[e2e] A "Railway Model." Re: Codel and Wireless
Jon.Crowcroft at cl.cam.ac.uk
Sat Dec 7 08:28:46 PST 2013
you have to read the literature - the data center tcp variants that
avoid incast do so by passing l2 feedback (which is part of the
ethernet spec - you can send a control frame which indicates a new
inter-frame gap) through the IP layer and on to TCP sources (actually,
it doesn't HAVE to work that way- you can just have per-flow queues
in the soruce machine and apply the dynamic inter-frame gap/delay
differently to different queues....
so there's no layer 2 congestion +control+ - just queue feedback that
is from l2 and a mechanism to pace packets...
actually, you could do this in DCF in wifi too:)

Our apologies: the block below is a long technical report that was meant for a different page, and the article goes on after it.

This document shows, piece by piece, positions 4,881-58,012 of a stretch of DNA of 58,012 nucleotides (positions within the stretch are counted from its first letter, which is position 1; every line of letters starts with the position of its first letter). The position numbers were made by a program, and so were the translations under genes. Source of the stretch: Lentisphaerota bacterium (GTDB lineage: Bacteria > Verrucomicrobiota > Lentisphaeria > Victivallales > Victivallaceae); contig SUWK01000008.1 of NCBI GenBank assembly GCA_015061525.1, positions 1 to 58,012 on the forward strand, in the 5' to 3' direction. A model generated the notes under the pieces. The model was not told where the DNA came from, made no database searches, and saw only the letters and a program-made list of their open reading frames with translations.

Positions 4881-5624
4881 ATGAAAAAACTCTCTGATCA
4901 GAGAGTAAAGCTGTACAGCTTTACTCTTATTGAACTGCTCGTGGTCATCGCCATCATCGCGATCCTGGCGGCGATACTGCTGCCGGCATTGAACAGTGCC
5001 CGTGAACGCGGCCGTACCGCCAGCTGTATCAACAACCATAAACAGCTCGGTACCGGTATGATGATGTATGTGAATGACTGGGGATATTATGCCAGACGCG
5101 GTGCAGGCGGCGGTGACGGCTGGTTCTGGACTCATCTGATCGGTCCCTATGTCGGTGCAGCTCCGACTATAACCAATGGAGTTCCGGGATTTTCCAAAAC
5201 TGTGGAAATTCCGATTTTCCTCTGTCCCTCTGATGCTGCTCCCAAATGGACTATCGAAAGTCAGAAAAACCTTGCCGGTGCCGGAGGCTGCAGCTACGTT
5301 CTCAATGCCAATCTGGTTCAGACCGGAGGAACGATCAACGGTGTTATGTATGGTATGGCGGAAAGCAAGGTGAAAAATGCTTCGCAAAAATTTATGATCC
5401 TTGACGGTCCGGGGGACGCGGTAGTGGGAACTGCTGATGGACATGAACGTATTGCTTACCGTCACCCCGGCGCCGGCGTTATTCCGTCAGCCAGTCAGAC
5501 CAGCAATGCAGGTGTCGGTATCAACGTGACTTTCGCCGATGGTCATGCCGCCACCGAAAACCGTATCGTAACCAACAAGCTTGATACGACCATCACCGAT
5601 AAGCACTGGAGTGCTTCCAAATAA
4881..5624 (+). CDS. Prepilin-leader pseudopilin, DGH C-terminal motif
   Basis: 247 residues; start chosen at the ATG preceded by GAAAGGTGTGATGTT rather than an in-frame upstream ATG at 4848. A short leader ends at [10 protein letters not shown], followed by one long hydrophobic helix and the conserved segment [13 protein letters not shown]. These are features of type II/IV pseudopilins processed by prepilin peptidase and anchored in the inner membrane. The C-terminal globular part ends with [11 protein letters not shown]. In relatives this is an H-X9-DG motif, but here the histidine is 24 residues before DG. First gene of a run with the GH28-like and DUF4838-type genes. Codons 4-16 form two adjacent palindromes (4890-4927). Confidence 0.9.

In missive <52A34A06.6050304 at web.de>, Detlef Bosau typed:
>>Am 07.12.2013 17:04, schrieb Jon Crowcroft:
>>> you might want to read about how people use layer two congestion
>>> signaling from L2 (only) switches to give feedback to TCP which then
>>> uses a distributed scheduler to avoid the incast problem alluded to...
>>> yes, gasp, layer violation - but it works. so engineers like it
>>I don't mind layer violation.
>>However, a L3 resource problem is slightly different from L2 flow control.
>>Only to mention two issues:
>>1.: Passing L2 congestion information to L3 is likely to end up in
>>source quench or the like.
>>Which sources are throttled? To which degree? What happens to traffic
>>which is not associated to any flow?
>>2.: The very first problem met when you want to employ L2 flow control
>>for upper layers is Head of Line Blocking. To my understanding, this is
>>THE very reason why the use of L2 congestion control was silently
>>abandoned in the turn from Cerf's catenet to RFC 791
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